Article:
In Miller v. Miller, 97 N.J. 154 (1984), the court held that in appropriate cases, a stepparent may be obligated to pay child support based on the doctrine of equitable estoppel. Id. at 167. The court reasoned that: It is essential...that, in the interim period between the spouse’s separation and the trial court’s decision on permanent child support, the children have a source of support. We therefore find that if, in a motion for pendente lite child support, the natural parent demonstrates that he or she is not receiving support for the children from their other natural parent and establishes by affidavit that the stepparent’s conduct actively interfered with the children’s support by their natural parent, so that pendente lite support may not be obtained from the natural parent, the children should be awarded pendente lite support from the stepparent. By permitting a spouse to get interim support for the children, we alleviate any immediate hardship to the children caused by the breakup of a marriage in which a stepparent is the sole or major source of support for the family. Such interim support order should remain in force until circumstances justify a modification of the Order or the court makes its final determination.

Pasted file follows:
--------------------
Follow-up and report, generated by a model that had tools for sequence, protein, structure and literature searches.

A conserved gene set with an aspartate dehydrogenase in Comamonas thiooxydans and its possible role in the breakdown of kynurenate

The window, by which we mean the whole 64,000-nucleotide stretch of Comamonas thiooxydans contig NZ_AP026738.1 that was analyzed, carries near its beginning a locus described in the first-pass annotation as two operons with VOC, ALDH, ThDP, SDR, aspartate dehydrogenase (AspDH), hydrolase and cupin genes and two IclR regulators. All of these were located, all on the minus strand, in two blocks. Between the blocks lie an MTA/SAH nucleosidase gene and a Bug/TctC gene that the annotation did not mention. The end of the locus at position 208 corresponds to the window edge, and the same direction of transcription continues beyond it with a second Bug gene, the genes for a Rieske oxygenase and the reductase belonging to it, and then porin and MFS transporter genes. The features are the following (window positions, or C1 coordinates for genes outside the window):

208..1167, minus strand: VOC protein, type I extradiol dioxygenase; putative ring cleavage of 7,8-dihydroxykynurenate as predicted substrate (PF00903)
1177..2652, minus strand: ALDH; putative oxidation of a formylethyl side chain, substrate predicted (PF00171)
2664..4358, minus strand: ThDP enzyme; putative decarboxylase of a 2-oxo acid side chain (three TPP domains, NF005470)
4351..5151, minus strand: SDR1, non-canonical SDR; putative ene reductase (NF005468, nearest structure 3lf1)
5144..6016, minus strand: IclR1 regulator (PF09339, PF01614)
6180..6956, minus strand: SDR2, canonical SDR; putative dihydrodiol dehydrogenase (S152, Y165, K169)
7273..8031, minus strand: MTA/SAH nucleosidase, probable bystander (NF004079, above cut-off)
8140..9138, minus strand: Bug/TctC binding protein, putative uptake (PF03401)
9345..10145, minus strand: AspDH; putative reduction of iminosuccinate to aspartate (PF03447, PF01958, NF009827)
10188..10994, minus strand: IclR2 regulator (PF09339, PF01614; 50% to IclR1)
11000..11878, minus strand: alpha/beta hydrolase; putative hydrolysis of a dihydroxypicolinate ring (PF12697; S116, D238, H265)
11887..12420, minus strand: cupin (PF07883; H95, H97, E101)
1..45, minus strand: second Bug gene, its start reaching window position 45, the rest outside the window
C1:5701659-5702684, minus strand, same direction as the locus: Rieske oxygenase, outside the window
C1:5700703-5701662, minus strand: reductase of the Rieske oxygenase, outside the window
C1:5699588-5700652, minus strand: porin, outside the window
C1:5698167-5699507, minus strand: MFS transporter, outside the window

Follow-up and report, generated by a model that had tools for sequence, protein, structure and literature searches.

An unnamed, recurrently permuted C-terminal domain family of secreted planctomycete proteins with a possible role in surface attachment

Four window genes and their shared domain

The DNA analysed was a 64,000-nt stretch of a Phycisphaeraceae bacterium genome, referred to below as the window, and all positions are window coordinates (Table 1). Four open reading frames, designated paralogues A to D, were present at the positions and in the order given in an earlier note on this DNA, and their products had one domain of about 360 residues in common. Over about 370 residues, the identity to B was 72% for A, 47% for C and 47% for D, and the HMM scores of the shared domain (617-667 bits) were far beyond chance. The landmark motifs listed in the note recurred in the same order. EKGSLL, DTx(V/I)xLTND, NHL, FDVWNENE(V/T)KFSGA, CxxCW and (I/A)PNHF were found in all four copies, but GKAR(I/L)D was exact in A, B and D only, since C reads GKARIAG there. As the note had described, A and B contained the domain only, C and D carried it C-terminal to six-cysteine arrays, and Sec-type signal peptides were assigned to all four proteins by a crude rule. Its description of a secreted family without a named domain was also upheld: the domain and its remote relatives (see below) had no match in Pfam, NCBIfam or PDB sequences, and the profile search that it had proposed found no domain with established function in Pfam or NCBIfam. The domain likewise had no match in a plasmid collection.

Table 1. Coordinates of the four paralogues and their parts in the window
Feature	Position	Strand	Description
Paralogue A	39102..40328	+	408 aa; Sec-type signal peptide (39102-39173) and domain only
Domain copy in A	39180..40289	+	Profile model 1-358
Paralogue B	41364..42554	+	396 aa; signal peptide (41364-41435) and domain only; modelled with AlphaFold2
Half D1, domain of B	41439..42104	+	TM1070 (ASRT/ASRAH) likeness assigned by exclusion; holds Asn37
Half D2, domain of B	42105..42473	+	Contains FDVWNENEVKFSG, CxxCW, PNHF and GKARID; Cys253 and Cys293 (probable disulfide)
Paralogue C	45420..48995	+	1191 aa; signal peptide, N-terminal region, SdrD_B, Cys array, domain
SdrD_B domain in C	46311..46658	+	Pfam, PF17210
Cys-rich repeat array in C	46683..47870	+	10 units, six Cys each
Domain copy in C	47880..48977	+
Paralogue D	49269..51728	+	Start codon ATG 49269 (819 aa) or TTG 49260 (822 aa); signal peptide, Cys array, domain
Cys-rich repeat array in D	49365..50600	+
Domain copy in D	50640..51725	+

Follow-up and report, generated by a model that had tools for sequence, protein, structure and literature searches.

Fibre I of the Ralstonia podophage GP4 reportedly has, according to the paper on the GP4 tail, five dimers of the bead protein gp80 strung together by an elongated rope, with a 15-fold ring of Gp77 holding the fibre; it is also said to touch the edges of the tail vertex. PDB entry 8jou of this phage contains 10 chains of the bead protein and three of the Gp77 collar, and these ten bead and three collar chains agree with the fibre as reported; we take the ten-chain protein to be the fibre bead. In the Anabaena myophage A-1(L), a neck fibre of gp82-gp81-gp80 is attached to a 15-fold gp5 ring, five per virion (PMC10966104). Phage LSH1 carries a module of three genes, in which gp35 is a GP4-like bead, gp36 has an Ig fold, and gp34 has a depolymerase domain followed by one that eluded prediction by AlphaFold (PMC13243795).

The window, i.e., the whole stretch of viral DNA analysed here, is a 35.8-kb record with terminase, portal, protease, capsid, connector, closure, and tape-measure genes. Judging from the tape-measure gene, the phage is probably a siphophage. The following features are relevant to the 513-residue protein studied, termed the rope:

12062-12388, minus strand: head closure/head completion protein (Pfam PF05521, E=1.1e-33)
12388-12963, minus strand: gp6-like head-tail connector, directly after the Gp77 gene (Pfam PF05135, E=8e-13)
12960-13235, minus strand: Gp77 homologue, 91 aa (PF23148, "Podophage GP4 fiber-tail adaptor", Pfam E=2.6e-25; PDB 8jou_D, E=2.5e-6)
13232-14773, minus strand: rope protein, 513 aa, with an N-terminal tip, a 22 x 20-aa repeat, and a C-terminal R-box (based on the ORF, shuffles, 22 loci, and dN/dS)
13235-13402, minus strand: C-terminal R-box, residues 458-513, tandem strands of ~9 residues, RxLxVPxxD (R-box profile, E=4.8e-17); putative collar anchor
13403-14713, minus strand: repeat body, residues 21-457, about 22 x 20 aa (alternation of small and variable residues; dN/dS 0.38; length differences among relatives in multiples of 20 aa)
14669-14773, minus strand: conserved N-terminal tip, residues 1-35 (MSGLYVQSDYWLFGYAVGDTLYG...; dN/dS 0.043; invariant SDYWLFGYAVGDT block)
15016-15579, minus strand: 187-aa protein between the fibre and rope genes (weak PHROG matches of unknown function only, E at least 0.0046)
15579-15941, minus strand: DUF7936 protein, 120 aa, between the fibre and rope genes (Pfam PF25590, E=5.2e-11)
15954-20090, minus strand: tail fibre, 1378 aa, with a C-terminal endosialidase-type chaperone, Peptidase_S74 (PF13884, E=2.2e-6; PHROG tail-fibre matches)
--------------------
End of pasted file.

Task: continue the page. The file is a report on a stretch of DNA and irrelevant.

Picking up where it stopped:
Person, other than child's natural or adoptive parent, may be charged with a parent's duties and responsibilities if he or she stands in loco parentis. Cumberland County Bd. Of Social Services v. W.J.P., 333 N.J.Super. 362 (2000). Once natural parent has been identified, has been ordered to pay child support, and establishes relationship with minor, in loco parentis support cannot be compelled from stepfather. Id.